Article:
- About 41 Nigerian prostitutes have been arrested at Weija in Accra
- The arrests follow a tip-off from some residents who have described the activities of these prostitutes as a nuisance
- Prostitution is still illegal in Ghana as perpetrators are liable to some years in jail
The Weija District Police Command has arrested 41 female prostitutes, mostly Nigerians in a night swoop. The prostitutes, mostly Nigerian, were arrested around a place called Choice where several pubs operate at night.
The arrest of these prostitutes followed a tip-off from some residents in the area who had commented over the "nuisance activities" of the prostitutes, which have turned the vicinity into a haven for drug peddlers and armed robbers.
Due to these complaints received, the police laid surveillance and subsequently arrested 41 of the prostitutes, most of whom Chief Inspector Eninful said were Nigerians between 18 and 25 years.
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Legalising prostitution in Ghana
The Commission for Human Rights and Administrative Justice (CHRAJ) had earlier hinted of decriminalizing prostitution in the coming months. This was according to the commissioner, Joseph Wittal, who says, prostitution as a mode of work cannot be linked to a crime.
"Decriminalizing prostitution is meant to rig the status book of offenses that seem to be targeting poverty. Prostitution can be regulated. If in your own way, somebody has their own way of living why don't to see how it can be regulated?" he quizzed.
Prostitution and Tramadol abuse
Checks show that the approved dosage for a patch of Tramadol is 50 milligrams but developments recorded show Ghanaians are taking in 100 to 250 milligrams of the drug.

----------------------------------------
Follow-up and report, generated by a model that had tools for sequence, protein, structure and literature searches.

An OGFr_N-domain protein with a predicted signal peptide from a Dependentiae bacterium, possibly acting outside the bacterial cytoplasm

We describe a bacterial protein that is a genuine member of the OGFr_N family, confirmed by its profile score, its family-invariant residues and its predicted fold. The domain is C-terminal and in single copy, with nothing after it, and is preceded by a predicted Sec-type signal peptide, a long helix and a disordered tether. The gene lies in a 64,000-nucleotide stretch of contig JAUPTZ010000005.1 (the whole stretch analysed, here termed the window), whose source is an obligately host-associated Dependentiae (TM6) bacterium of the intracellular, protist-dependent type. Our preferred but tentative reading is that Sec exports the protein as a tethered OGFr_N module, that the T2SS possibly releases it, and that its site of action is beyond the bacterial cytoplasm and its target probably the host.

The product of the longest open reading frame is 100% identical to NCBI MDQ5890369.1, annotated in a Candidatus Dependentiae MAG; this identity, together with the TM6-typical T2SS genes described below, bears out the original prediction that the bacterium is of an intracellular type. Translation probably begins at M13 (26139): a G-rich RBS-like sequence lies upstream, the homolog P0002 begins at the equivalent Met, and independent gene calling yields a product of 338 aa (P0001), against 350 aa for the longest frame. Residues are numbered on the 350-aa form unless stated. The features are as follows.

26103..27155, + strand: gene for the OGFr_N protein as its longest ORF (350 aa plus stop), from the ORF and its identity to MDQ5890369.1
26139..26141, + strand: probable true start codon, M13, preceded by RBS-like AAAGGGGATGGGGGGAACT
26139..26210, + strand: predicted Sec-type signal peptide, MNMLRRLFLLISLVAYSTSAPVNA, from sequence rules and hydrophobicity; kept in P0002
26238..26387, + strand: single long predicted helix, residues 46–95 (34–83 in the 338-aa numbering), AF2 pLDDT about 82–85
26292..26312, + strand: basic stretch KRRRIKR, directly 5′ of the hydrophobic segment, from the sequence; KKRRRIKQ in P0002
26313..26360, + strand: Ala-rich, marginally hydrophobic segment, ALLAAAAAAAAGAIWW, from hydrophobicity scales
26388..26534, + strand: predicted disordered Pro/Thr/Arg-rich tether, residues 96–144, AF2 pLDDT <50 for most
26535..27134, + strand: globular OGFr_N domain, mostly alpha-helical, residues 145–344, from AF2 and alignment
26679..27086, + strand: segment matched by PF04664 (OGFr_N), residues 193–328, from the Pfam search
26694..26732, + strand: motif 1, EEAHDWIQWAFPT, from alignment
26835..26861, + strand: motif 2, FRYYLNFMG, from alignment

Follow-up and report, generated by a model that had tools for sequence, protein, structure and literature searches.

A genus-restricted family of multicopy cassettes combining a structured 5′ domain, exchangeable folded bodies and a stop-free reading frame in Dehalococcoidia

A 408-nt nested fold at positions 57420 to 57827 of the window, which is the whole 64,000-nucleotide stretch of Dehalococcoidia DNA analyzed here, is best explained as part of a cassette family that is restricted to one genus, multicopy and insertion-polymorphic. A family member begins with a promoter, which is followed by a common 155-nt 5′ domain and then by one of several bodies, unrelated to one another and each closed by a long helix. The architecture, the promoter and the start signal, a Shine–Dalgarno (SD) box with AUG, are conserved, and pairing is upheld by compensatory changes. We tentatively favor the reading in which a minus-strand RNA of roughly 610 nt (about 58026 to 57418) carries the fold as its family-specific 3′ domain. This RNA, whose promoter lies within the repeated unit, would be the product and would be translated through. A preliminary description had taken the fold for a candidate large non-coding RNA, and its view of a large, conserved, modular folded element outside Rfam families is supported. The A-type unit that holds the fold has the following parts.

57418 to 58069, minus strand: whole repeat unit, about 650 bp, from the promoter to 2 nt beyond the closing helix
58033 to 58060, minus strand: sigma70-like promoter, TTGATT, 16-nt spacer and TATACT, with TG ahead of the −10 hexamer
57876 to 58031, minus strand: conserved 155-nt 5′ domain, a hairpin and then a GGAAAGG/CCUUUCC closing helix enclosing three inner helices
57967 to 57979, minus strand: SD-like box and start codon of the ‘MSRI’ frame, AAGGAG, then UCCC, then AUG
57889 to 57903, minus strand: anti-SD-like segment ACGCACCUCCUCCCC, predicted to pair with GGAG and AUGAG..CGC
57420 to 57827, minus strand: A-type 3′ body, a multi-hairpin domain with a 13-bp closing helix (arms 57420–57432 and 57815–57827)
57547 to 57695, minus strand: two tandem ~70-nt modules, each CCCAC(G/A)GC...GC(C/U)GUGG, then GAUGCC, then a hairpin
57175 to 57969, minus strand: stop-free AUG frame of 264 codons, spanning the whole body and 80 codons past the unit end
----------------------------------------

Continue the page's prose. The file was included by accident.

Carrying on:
The reason(s) for taking these unapproved drugs are diverse. Interactions by GHone TV with some Tramadol users show that whereas some of them take the drug to give them strength to work extra hours, others also feel the drug helps them have fun for prolonged hours with their partners.
On the side of some prostitutes in Accra, the use of these drugs helps them escape the emotional tortures experienced in the line of duty.
The consequences for taking Tramadol are most deadly. In fact, doctors have revealed that abusers of the drug suffer dire side effects including kidney and liver damage and ultimately death.
Prostitution remains an illegal act in Ghana with offenders exposed to minimal to severe jail terms.
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The trade also records high cases of human right violations especially when clients of these women often mistreat them leading to physical and mental torture.
Reports from the United Nations (UN) show that the main reasons for which most African and Ghanaian women enter in prostitution are poverty - a development CHRAJ seeks to consider as the basis for which to make it legal in Ghana.
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